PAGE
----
Start with the bottom most shelf. The largest and heaviest items should go here. Do you have some large heavy books? Or a collection of large books? Or you could slide some really nice woven baskets onto the bottom shelf and have them hold your paperback stash. The point here is that the bottom shelf should have the weight.. both the visual weight and the actual weight. The items you place on this shelf don't necessarily have to be books. Maybe a large vase or urn... or a large globe.
Small adjustable shelves can be built between the studs and provide great storage space for small items such as jars, cans, bottles and for organizing and storing screws and nails. These storage spaces are built by attaching a series of 1x2 wood strips horizontally to the inside edges of two adjacent studs, approximately six inches apart. Also cut some 1x4 and 1x6 pieces of lumber, slip them on top of the 1x2 where they should fit between the studs very nicely.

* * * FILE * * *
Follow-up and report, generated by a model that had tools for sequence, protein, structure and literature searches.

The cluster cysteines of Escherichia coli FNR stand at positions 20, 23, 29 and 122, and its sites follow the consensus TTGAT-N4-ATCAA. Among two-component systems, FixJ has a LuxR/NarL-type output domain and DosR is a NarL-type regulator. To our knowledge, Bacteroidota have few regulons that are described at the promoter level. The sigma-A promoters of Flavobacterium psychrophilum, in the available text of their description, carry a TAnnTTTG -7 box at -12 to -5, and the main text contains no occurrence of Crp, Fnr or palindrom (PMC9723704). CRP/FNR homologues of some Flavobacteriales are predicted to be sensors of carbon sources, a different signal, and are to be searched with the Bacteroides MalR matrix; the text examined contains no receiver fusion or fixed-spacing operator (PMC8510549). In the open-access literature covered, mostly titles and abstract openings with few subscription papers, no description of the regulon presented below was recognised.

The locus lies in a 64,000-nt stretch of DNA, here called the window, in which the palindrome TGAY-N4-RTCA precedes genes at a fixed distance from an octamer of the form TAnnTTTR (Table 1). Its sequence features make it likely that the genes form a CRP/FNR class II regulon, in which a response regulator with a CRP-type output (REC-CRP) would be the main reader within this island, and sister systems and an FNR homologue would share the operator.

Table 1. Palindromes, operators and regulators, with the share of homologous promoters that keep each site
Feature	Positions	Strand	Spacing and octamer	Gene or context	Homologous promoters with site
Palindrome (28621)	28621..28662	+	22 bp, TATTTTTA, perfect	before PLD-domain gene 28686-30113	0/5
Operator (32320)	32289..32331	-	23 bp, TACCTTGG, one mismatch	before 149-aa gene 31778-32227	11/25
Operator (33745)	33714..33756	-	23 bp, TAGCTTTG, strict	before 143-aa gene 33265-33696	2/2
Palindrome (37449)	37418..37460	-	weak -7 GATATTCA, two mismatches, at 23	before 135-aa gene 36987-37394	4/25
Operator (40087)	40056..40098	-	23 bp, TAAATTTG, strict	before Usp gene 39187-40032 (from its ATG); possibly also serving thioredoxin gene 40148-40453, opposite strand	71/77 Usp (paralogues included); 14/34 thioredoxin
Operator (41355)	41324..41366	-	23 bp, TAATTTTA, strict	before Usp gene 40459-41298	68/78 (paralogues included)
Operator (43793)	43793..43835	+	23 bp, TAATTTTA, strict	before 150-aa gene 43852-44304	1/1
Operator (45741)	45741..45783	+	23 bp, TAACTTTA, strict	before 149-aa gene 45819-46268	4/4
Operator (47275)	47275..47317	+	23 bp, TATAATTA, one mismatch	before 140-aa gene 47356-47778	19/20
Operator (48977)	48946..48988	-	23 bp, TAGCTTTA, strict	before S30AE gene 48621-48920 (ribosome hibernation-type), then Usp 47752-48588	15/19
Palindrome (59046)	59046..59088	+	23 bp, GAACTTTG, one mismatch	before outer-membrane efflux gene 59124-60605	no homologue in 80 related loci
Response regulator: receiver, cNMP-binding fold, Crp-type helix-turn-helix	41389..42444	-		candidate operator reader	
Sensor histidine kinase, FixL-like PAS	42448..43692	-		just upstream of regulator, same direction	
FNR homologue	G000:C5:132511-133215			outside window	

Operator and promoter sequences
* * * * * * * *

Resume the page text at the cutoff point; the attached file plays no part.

In choosing a storage shelf, whether wood, metal, glass reinforced fiber, plastic, or a combination of wood and aluminum or wood and stainless steel, consider its durability, lifespan, stability, safety and cost. Other elements such as beauty, size, height, mobility, ease of access all come into play in determining your shelving options. The popular type nowadays as a storage equipment is the metal shelf with a capacity of 150 lbs to over 1,000 lbs. per shelf. They can be made of aluminum, galvanized, chrome plated or stainless steel.
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